Social Networking and Internet Use Among Pelvic Floor Patients: A Multicenter Survey

Internet resources are becoming increasingly important for patients seeking medical knowledge. It is imperative to understand patient use and preferences for using the Internet and social networking websites to optimize patient education.

The purpose of this study was to evaluate social networking and Internet use among women with pelvic floor complaints to seek information for their conditions, as well as describe the likelihood, preferences, and predictors of website usage.

This was a cross-sectional, multicenter study of women presenting to clinical practices of 10 Female Pelvic Medicine & Reconstructive Surgery fellowship programs across the United States, affiliated with the Fellows' Pelvic Research Network. New female patients presenting with pelvic floor complaints, including urinary incontinence, pelvic organ prolapse, and fecal incontinence were eligible. Participants completed a 24 item questionnaire designed by the authors to assess demographic information, general Internet use, preferences regarding social networking websites, referral patterns, and resources utilized to learn about their pelvic floor complaints. Internet use was quantified as high (≥ 4 times/ week), moderate (2-3 times/week), or minimal (≤ 1 time/week). Means were used for normally distributed data and medians for data not meeting this assumption. Fisher's Exact and Chi-Square tests were used to evaluate associations between variables and Internet use.

A total of 282 surveys were analyzed. The majority of participants, 83.3%, were white. The mean age was 55.8 years old. Referrals to urogynecology practices were most frequently from obstetrician/gynecologists (39.9%) and primary care providers (27.8%). Subjects were well-distributed geographically, with the largest representation from the South (38.0%). Almost one-third (29.9%) were most bothered by prolapse complaints, 22.0% by urgency urinary incontinence, 20.9% by stress urinary incontinence, 14.9% by urgency/frequency symptoms, and 4.1% by fecal incontinence. The majority, 75.0%, described high Internet use, while 8.5% moderately and 4.8% minimally used the Internet. Women most often used the Internet for personal motivations including medical research (76.4%), and 42.6% reported Google to be their primary search engine. Despite this, only 4.9% primarily used the Internet to learn about their pelvic floor condition, more commonly consulting an obstetrician/gynecologistfor this information (39.4%). The majority (74.1%) held a social networking account, and 45.9% visited these daily. Nearly half, 41.7%, expressed the desire to use social networking websites to learn about their condition. Women < 65 years old were significantly more likely to have high Internet use (83.4% vs 68.8%, p = 0.018) and to desire using social networking websites to learn about their pelvic floor complaint (p = 0.008). Presenting complaint was not associated with Internet use (p = 0.905) or desire to use social networking websites to learn about pelvic floor disorders and (p = 0.201).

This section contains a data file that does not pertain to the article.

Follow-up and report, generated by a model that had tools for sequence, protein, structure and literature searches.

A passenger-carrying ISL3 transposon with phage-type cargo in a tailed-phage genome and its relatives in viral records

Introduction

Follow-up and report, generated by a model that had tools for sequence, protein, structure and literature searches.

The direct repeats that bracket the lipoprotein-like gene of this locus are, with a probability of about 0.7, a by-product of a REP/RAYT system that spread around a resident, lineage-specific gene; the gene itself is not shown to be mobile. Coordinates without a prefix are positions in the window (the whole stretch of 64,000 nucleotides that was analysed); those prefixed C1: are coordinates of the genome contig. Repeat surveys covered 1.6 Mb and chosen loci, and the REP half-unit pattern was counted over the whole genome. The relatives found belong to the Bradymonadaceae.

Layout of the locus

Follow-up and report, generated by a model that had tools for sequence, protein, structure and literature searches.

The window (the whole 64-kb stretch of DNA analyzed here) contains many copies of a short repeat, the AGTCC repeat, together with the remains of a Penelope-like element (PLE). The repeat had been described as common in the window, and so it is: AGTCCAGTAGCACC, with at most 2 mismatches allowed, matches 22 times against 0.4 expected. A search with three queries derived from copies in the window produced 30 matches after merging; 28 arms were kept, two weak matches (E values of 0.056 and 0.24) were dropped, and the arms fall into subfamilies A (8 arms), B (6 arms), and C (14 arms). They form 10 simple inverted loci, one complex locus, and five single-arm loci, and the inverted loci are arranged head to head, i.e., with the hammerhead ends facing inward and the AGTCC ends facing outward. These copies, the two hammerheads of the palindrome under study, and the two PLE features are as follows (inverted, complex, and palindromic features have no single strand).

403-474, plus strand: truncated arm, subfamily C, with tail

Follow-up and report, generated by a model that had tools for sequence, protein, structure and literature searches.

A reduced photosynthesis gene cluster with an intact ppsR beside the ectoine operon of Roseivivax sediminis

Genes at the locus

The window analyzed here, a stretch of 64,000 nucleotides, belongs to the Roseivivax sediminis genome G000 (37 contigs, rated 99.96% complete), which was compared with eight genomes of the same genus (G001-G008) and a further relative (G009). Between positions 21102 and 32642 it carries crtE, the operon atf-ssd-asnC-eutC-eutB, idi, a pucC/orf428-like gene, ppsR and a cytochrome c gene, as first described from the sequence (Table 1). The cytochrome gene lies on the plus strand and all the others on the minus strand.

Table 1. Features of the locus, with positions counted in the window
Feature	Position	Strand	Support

Women presenting to urogynecology practices have high Internet use and desire to learn about their conditions via social networking websites. Despite this, obstetrician/gynecologists remain a common resource for information. Nonetheless, urogynecology practices and national organizations would likely benefit from increasing their Internet resources for patient education in pelvic floor disorders, though patients should be made aware of available resources.

American journal of obstetrics and gynecology. 2016 Jun 16 [Epub ahead of print]

Donna Mazloomdoost, Gregory Kanter, Robert C Chan, Nicolette Deveaneau, Allison M Wyman, Emily C Von Bargen, Zaid Chaudhry, Solafa Elshatanoufy, Jeannine M Miranne, Christine M Chu, Rachel N Pauls, Lily A Arya, Danielle D Antosh

Division of Urogynecology and Pelvic Reconstructive Surgery, Department of Obstetrics and Gynecology, TriHealth/Good Samaritan Hospital, Cincinnati, OH. Electronic address: ., Division of Urogynecology, Department of Obstetrics and Gynecology, University of New Mexico, Albuquerque, NM., Department of Urology, Houston Methodist Hospital, Houston, Texas., Division of Female Pelvic Medicine and Reconstructive Surgery, Department of Obstetrics, Gynecology & Women's Health, Louisville, KY., Division of Female Pelvic Floor Medicine and Reconstructive Surgery, Department of Obstetrics and Gynecology, Morsani College of Medicine, University of South Florida, Tampa, FL., Division of Female Pelvic Floor Medicine and Reconstructive Surgery, Department of Obstetrics and Gynecology, Mount Auburn Hospital/Beth Israel Deaconess Medical Center, Harvard Medical School Affiliate, Cambridge, MA., Division of Female Pelvic Medicine and Reconstructive Surgery, Department of Obstetrics and Gynecology, UCLA David Geffen School of Medicine, Los Angeles, CA., Division of Female Pelvic Medicine and Reconstructive Surgery, Department of Obstetrics and Gynecology, Henry Ford Health Systems, Detroit, MI., Division of Urogynecology, Department of Obstetrics and Gynecology, Brigham and Women's Hospital, Harvard Medical School, Boston, MA., Urogynecology and Reconstructive Pelvic Surgery, Department of Obstetrics and Gynecology, University of Pennsylvania, Philadelphia, PA., Division of Urogynecology and Pelvic Reconstructive Surgery, Department of Obstetrics and Gynecology, TriHealth/Good Samaritan Hospital, Cincinnati, OH., Urogynecology and Reconstructive Pelvic Surgery, Department of Obstetrics and Gynecology, University of Pennsylvania, Philadelphia, PA., Division of Urogynecology, Department of Obstetrics and Gynecology, Methodist Center for Restorative Pelvic Medicine, Houston Methodist Hospital, Houston, TX.

Pelvic Health Weekly Newsletter